Ranjit’s hands hadn’t trembled when he had read the first letter that had been brought to him on a polished silver salver a year ago. But Shrabana, watching from this same chair, had noticed the habitual crease-line on his forehead furrow deeper as he read it.

“What is it?” she had asked, wearing the right mixture of concern and innocence on her face. They had still been on talking terms then. Talking, but only of essential domestic matters, not communicating. And of course, not sharing a bed, or even a room.

He hadn’t looked at her then, or replied. Thrusting the letter, envelope and all, into the breast pocket of his bush-shirt, he had turned abruptly and walked out of the room. Minutes later, she had heard him start the Jeep. There had been the angry sound of furious wheels on gravel. And he had gone.


Looking at Ronojoy now, she shook her head slightly. Past images coalesced again with the present reality.

“Open it,” said Shrabana softly. “I want to know…” She couldn’t find the strength to continue further.

Jona came towards her and held her close in her arms. But Shrabana refused to yield to the comfort of hysteria. Not now. Not until it was over, one way or the other.

“Shouldn’t we wait for Ranjit…?” asked Ronojoy in an undecided voice. “I have already sent the bearer to fetch him.”

“Open it,” said Shrabana again, not pleading. “Rahul is my son, after all.”

The hands – Ronojoy’s now, Ranjit’s a year ago – carefully tore open the envelope. Ronojoy took out a single sheet of paper. He read through it quickly, then handed it wordlessly to Shrabana. Unclenching her fists, she took it from her brother-in-law.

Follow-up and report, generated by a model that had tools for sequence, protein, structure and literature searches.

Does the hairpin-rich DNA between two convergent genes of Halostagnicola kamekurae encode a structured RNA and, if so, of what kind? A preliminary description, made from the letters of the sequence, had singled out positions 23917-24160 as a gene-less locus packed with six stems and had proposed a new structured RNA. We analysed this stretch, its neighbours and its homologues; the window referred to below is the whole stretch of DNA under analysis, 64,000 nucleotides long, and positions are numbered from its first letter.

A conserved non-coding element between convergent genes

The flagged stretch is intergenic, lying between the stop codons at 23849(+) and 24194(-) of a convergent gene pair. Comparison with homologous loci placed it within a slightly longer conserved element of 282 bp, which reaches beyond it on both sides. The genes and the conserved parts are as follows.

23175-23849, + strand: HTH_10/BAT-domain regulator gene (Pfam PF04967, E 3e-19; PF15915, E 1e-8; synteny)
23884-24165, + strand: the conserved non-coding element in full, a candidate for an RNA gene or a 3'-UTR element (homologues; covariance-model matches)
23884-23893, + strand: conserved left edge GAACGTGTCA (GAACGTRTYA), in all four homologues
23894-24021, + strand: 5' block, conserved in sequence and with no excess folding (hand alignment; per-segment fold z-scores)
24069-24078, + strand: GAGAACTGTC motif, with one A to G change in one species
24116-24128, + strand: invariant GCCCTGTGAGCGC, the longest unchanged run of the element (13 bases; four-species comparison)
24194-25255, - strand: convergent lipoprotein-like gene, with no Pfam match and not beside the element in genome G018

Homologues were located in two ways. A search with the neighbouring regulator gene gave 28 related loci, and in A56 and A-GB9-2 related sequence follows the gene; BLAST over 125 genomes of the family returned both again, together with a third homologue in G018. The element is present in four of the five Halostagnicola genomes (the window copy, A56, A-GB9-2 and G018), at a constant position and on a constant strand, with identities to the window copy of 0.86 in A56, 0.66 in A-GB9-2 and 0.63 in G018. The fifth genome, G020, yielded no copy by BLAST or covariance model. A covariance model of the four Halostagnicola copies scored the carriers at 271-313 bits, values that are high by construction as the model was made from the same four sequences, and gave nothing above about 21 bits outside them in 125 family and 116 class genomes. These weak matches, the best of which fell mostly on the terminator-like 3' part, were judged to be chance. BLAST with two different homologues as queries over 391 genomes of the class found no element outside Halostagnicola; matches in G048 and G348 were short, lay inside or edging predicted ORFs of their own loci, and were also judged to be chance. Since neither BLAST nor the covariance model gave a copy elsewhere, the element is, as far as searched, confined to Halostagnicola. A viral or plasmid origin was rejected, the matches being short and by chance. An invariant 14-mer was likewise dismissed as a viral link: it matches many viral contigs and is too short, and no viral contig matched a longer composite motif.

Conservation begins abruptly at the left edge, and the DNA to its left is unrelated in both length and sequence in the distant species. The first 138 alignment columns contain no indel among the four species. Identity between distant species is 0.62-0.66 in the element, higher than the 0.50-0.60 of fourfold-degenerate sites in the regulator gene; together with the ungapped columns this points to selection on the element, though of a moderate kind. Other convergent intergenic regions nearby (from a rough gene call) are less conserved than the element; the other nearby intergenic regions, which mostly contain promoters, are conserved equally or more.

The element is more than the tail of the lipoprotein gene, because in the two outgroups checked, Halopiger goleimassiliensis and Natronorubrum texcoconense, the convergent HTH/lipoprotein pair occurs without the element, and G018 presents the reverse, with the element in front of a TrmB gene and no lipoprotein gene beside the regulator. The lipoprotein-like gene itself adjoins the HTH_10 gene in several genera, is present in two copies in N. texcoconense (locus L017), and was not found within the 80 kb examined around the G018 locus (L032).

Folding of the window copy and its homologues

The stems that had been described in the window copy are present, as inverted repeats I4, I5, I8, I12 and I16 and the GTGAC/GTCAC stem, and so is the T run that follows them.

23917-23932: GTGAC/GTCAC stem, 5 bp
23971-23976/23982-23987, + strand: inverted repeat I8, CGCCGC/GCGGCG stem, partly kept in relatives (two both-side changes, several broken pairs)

The letterhead on the single white sheet was an incongruous, frivolous pink. But the message on it was as grim as she had expected. In a surprisingly beautiful copperplate hand, it informed the Manager, Betbagaan Tea Estate, that his son was safe. To ensure his further safety, as well as his return to his parents, his father would have to part with a certain sum of money, the amount to be negotiated at a date and place that would be intimated to them later. If he valued his son’s life, on no account was the respected Manager Saab to do anything rash. The letter ended with a salute to the Cause for which they, Rahul’s kidnappers, were working.

Safe. Shrabana latched on to the word, written in black ink on the white notepaper, as though it were a lifeboat that would take her and Rahul away from the shipwreck of their lives. A small, insistent throbbing at the back of her head tried to tell her that what she perceived to be a lifeboat was after all only a straw. But she refused to let the pulse become an articulated thought. She did not want any voice, even her own inner voice, to give form and shape to her terror, to unlock the gates that would let the darkness come roaring in. She knew, of course she did, that a kidnapper’s word was not to be believed, even if the kidnappers used pink letterheads and had highly-educated handwriting. But if life was to go on, if the universe was not to come to a standstill, she had to believe that Rahul was safe.

Shrabana slumped back in her chair, not even trying to stop the shaking in her hands, in her entire body, now.

The thought came to her fevered mind that, through contact with the kidnapper’s note, she had touched Rahul himself. Her fingers had touched the note, which had been written by the kidnapper, who had probably touched Rahul several times during these last seven days. It was a link. Tenuous, but a link nevertheless.

Had the kidnappers’ hands steadied her son as he had been marched through the snake and leech infested forests? Rahul feared snakes, though, like any other 16-year-old, he always tried to cover it up with bravado. But his eyes, and the look of suppressed horror in them when he saw them slithering across their garden, gave him away every time.